Average household heating costs this winter will be 15 percent higher than they were last year. Heating oil and natural gas users will take the biggest hit because of more expensive crude oil and much colder weather this year, the government's top energy forecasting agency said Tuesday.
Heating oil bills for the heating season (October through March), will be up 23 percent at $2,388. The retail price for heating oil is expected to be $3.89 a gallon, up from a what-seemed-to-be-too-high price of $3.31 last winter.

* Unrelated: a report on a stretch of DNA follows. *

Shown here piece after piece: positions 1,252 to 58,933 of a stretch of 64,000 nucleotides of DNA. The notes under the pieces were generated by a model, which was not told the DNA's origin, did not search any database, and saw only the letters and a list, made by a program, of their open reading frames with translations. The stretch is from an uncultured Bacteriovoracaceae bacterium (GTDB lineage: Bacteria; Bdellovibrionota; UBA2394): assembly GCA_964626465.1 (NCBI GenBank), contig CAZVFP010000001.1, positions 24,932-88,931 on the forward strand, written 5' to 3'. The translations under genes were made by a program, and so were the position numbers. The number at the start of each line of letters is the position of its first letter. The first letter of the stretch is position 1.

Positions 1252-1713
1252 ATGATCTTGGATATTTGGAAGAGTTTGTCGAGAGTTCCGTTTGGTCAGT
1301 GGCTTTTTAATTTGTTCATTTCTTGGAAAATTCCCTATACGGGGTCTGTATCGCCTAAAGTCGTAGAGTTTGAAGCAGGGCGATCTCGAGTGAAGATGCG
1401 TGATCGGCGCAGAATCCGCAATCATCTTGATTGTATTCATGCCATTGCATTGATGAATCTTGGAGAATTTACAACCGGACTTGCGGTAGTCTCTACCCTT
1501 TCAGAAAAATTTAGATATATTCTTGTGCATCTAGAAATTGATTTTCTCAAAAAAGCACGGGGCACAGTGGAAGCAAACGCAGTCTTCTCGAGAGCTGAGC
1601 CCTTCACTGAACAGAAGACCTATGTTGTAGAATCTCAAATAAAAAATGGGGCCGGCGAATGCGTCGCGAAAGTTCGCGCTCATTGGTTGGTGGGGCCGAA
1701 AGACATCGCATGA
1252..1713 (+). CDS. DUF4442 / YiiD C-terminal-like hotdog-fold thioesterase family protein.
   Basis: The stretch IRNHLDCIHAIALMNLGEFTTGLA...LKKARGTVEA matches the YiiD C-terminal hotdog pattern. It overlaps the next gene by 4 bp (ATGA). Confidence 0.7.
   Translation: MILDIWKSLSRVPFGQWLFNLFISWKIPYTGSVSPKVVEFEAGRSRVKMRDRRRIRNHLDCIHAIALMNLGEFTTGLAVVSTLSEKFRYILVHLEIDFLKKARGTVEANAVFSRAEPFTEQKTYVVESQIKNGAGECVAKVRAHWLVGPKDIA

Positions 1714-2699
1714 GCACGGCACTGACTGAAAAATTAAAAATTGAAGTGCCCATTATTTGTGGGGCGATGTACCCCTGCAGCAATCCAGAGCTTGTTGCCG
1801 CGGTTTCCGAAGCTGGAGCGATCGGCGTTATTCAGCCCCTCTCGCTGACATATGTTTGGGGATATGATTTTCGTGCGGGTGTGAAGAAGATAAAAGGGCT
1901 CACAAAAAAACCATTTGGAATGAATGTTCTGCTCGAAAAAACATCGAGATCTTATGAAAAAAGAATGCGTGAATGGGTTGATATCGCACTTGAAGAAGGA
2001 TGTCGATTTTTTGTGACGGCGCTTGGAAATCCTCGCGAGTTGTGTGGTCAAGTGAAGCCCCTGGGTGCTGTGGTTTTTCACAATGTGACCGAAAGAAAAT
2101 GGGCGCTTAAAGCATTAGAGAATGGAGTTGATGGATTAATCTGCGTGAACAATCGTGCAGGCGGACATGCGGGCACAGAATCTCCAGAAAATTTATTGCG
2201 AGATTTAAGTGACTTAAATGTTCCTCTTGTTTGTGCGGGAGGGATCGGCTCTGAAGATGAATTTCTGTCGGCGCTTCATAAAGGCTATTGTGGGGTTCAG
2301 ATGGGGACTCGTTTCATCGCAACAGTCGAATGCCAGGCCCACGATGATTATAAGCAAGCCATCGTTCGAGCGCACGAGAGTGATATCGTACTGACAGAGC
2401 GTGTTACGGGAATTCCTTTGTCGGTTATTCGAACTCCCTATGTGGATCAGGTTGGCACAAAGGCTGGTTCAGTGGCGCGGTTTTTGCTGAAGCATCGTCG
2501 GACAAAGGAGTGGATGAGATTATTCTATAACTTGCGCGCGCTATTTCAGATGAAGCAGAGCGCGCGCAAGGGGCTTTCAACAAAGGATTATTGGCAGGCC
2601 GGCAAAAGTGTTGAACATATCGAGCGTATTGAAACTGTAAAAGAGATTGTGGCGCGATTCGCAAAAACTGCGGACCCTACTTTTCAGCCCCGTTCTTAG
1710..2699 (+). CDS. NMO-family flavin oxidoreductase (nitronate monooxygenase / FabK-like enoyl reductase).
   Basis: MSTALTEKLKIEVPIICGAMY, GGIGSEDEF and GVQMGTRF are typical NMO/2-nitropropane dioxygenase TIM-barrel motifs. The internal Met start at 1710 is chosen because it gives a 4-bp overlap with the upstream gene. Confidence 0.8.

"The projected increase is consistent with higher crude oil prices and projections of lower distillate inventories than last year going into the heating season," said the EIA.
Households heated by natural gas will see an 18 percent increase in costs to $1,010, the agency said.
Propane users will see heating bills go up at least 11 percent to $1,861 and households using electric heat will pay 10 percent more at $947 for the season.
In the 1970's electric heat was the most expensive. What a shock this brings.. and .. what a cost!
It's going to be a loooong cooooold winter! Stay warm, and stay safe! Avoid the dangers of kerosene even if you have to lower the thermostat a few more degrees. We would rather hear you are cold, than burned alive!
Your friends at Your Data Center..
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